- Claims arising from a fraudulent investment scheme resulting in corporate insolvency (Biscoe (as joint liquidators of Equitable Law Capital Ltd) v Milner)
- What are the practical implications of this case?
- What was the background?
- What did the court decide?
- The third respondent
- The sixth and seventh respondents
- The effect of the settlement agreement
- Case details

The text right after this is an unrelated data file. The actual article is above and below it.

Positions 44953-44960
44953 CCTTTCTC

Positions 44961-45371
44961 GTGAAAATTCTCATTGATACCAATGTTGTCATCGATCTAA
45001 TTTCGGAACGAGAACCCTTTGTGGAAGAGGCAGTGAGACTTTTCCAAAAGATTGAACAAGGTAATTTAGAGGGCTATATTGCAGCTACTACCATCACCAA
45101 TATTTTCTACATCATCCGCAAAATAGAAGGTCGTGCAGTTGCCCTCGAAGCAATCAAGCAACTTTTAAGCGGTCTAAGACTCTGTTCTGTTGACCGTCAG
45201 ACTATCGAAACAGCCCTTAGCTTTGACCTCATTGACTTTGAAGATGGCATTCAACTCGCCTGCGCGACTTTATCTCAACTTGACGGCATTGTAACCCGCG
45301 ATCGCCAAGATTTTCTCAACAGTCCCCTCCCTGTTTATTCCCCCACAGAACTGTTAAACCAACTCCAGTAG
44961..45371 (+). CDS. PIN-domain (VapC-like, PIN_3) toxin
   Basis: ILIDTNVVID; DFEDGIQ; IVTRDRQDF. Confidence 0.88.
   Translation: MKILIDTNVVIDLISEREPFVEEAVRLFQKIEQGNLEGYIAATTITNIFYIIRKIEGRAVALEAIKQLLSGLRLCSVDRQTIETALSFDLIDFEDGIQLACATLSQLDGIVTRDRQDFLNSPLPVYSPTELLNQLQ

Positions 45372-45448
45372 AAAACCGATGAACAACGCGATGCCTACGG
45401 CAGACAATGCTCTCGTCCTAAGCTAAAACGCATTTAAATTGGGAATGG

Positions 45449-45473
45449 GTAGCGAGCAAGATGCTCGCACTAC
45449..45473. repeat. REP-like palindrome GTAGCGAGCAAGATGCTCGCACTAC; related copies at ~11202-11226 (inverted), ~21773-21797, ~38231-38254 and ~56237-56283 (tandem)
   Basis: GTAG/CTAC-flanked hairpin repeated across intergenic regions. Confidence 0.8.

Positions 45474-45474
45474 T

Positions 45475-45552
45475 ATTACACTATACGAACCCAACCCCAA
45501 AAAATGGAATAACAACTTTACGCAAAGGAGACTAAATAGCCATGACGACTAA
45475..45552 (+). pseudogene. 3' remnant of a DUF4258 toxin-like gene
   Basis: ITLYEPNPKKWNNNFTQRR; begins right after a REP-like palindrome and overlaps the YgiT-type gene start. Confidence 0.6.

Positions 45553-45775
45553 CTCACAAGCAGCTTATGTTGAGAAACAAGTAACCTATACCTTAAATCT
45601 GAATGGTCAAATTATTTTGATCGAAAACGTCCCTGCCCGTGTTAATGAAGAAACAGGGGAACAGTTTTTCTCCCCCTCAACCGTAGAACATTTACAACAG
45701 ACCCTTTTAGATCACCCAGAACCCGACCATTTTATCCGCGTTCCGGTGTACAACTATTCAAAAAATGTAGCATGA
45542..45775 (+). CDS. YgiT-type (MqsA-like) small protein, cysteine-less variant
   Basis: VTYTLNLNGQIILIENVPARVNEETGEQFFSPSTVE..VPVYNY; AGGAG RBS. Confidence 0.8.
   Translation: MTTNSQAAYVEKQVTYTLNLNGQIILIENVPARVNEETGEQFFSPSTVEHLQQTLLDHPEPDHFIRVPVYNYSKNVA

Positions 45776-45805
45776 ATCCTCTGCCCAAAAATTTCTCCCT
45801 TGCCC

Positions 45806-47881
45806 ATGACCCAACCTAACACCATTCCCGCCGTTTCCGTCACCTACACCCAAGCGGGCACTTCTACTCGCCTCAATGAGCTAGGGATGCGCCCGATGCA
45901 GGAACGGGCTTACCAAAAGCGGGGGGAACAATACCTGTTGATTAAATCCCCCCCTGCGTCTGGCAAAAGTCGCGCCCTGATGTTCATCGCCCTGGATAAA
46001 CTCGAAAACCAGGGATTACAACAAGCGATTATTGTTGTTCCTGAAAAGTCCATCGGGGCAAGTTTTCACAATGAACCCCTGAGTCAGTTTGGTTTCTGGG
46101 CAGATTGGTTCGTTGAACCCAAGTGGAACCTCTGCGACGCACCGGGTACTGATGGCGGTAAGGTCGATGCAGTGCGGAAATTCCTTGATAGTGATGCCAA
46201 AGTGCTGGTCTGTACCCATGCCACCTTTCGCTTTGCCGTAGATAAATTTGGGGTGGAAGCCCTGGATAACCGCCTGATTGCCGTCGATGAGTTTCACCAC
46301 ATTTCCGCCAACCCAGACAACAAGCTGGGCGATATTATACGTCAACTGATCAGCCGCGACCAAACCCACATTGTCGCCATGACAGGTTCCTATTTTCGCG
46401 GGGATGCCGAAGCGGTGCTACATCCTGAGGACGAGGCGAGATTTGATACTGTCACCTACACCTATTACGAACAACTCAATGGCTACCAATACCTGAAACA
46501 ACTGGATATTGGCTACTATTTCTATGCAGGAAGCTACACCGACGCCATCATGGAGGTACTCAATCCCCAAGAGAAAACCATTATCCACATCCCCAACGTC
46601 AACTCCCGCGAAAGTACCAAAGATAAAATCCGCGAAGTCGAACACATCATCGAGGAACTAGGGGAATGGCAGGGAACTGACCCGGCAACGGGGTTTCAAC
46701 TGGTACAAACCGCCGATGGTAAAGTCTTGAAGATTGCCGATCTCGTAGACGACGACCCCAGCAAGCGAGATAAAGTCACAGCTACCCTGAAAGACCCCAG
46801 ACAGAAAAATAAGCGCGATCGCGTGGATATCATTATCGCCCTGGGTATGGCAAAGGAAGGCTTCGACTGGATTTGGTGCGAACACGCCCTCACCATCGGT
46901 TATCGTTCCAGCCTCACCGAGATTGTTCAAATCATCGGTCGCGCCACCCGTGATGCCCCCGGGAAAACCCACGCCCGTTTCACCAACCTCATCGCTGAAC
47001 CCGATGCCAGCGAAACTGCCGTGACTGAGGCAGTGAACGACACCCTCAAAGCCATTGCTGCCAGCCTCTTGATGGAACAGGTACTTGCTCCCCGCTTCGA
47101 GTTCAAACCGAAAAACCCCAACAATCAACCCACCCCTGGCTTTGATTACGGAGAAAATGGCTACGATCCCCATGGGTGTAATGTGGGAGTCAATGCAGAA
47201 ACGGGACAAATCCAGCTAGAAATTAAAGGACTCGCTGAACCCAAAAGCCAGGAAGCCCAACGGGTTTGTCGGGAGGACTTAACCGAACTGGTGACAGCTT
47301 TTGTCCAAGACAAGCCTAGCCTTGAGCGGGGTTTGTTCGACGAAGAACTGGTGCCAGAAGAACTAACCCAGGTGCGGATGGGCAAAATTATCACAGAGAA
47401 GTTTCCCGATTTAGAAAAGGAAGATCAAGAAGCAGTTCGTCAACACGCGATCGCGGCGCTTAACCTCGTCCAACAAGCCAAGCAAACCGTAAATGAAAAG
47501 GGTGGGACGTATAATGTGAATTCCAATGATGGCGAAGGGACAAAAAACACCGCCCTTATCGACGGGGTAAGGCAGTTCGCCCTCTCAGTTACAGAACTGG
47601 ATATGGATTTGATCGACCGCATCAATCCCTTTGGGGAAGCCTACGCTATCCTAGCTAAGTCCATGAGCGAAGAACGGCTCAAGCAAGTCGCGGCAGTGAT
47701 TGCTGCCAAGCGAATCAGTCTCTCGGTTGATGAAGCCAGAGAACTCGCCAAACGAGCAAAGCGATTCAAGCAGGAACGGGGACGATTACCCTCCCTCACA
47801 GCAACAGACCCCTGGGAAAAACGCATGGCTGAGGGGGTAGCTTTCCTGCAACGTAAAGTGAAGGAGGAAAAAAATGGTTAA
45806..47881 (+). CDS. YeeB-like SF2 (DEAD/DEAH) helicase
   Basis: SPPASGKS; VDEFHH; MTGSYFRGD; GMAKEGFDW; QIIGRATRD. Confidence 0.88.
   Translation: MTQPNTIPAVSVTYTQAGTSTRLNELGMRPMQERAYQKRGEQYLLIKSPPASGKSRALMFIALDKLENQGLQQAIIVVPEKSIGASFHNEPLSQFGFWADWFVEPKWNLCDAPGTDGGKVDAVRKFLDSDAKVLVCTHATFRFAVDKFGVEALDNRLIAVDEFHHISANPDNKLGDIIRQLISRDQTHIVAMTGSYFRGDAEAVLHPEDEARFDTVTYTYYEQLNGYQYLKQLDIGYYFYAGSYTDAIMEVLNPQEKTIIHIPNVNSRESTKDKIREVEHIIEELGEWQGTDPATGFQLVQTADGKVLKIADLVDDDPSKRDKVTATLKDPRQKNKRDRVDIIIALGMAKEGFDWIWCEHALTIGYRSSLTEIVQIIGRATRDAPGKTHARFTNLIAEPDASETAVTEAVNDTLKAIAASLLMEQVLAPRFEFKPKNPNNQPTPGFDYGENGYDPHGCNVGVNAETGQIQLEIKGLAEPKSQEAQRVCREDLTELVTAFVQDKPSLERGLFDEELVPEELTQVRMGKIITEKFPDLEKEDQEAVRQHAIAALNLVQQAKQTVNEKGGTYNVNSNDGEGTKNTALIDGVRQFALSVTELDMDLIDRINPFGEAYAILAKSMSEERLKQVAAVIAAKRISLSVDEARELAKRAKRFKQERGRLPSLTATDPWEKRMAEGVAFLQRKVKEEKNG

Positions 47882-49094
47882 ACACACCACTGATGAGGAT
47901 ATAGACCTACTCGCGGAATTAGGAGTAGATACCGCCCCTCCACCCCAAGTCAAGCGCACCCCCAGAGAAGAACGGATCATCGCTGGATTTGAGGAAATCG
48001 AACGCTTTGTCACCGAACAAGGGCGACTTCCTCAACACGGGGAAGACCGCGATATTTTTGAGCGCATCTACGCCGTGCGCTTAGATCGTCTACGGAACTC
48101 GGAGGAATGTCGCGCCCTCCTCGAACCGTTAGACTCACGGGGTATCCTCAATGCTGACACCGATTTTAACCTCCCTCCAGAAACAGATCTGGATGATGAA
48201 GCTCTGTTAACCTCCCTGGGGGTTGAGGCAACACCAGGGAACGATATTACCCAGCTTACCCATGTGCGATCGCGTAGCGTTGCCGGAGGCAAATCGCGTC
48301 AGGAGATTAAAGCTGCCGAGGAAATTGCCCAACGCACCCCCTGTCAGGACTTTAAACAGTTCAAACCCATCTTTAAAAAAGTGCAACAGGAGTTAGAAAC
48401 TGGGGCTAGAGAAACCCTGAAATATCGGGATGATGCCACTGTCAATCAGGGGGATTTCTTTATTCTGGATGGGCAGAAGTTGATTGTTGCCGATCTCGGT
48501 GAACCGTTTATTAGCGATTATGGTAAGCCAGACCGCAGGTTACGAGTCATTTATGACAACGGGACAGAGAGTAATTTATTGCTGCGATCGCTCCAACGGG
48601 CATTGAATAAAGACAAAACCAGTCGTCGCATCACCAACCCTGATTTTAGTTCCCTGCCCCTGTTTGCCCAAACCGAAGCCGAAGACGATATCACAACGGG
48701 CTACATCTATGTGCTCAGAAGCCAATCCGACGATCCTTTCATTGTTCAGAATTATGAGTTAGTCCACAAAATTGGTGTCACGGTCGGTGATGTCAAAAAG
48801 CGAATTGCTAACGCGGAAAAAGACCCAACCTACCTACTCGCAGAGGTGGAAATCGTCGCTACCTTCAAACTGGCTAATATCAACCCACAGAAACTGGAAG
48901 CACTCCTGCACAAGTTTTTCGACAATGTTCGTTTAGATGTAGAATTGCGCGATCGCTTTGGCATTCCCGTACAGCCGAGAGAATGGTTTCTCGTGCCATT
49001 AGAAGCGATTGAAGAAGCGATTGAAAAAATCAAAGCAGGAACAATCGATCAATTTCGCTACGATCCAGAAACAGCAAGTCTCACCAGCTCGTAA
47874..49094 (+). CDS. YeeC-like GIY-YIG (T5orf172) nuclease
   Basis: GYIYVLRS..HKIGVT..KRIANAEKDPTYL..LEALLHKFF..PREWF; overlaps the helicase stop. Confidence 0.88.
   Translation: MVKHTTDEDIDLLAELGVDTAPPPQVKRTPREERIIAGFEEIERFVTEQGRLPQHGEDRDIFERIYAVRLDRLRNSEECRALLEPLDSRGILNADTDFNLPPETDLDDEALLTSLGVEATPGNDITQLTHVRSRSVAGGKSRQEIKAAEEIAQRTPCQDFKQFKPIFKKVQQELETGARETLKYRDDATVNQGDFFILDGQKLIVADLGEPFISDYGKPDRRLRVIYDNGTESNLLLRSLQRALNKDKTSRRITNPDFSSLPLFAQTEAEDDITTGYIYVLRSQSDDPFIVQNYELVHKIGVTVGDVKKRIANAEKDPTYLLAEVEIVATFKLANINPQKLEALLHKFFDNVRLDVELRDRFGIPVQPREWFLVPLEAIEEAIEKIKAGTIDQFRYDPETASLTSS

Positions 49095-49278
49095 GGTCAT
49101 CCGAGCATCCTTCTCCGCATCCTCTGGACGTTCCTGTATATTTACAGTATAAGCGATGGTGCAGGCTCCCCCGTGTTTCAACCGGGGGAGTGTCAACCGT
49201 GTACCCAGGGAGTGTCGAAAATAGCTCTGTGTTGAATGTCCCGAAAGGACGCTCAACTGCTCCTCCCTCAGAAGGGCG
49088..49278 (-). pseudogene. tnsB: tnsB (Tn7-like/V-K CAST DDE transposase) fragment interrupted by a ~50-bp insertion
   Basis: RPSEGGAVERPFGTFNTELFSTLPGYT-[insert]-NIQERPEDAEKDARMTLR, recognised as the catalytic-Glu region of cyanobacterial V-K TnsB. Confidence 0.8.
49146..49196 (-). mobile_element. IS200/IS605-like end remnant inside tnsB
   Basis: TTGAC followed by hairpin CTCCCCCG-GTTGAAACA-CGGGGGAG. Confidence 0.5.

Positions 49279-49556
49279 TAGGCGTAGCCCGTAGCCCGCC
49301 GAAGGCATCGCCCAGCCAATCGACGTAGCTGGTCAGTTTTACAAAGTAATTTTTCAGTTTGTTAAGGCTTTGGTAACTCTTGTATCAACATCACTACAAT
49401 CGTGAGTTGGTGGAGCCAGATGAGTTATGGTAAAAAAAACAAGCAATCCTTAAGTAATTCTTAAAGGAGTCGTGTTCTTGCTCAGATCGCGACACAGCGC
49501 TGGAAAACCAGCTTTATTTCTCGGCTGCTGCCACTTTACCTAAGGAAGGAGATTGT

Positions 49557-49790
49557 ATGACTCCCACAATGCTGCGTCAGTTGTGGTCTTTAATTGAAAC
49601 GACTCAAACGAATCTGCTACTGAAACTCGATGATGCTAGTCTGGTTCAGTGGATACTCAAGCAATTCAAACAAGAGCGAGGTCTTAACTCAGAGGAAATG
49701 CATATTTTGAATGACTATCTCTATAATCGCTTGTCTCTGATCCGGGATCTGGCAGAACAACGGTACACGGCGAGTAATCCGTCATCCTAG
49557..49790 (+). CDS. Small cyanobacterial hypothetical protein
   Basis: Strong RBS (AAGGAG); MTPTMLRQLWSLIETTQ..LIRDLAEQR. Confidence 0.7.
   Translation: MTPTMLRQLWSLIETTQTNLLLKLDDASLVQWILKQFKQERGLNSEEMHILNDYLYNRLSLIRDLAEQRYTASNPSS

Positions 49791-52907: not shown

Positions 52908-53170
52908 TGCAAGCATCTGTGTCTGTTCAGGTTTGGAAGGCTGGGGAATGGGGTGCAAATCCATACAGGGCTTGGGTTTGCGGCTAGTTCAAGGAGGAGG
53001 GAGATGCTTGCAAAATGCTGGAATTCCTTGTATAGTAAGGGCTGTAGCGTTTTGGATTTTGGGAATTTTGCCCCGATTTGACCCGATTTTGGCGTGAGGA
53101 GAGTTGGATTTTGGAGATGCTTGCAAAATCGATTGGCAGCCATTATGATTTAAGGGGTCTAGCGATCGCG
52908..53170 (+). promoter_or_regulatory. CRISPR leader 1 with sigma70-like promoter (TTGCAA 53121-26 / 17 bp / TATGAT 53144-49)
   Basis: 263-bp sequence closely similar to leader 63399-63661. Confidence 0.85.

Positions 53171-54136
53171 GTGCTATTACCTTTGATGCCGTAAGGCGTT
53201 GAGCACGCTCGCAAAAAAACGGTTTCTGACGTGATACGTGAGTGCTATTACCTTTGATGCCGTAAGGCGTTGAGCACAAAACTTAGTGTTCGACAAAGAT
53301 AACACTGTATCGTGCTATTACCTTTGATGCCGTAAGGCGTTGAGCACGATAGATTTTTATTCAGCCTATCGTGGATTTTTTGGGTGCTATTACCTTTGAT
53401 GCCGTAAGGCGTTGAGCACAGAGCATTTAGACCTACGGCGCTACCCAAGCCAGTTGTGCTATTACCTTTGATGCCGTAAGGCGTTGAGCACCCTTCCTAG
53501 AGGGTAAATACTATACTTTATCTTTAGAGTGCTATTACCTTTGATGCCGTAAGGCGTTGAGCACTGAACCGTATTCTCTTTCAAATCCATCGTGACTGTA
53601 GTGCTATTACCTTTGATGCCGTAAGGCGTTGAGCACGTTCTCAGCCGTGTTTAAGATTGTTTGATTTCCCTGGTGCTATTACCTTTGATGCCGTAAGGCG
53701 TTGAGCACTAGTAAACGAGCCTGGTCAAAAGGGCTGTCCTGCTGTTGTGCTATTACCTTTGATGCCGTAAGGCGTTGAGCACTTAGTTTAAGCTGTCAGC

Restructuring and Insolvency analysis: The applicants (a company in liquidation (‘ELC’) and its liquidators) sought compensation in relation to, among other things, fraudulent trading and wrongful trading against various respondents. ELC’s only business was the running of an investment scheme. The scheme—which had been fraudulent from its inception—failed and ELC went into insolvent liquidation. The two main questions were (1) to what extent various respondents who had been involved in the scheme were liable to pay compensation and (2) whether a settlement agreement entered into with two of the respondents barred the claims against the others. It was held that one respondent, a de facto director of ELC, was liable in wrongful trading, fraudulent trading, misfeasance, and on the ground that payments made to him constituted transactions at an undervalue. The settlement agreement did not bar the claim against him or any of the other respondents (although the claims against the other respondents failed). Written by Nora Wannagat, barrister at 9 Stone Buildings.
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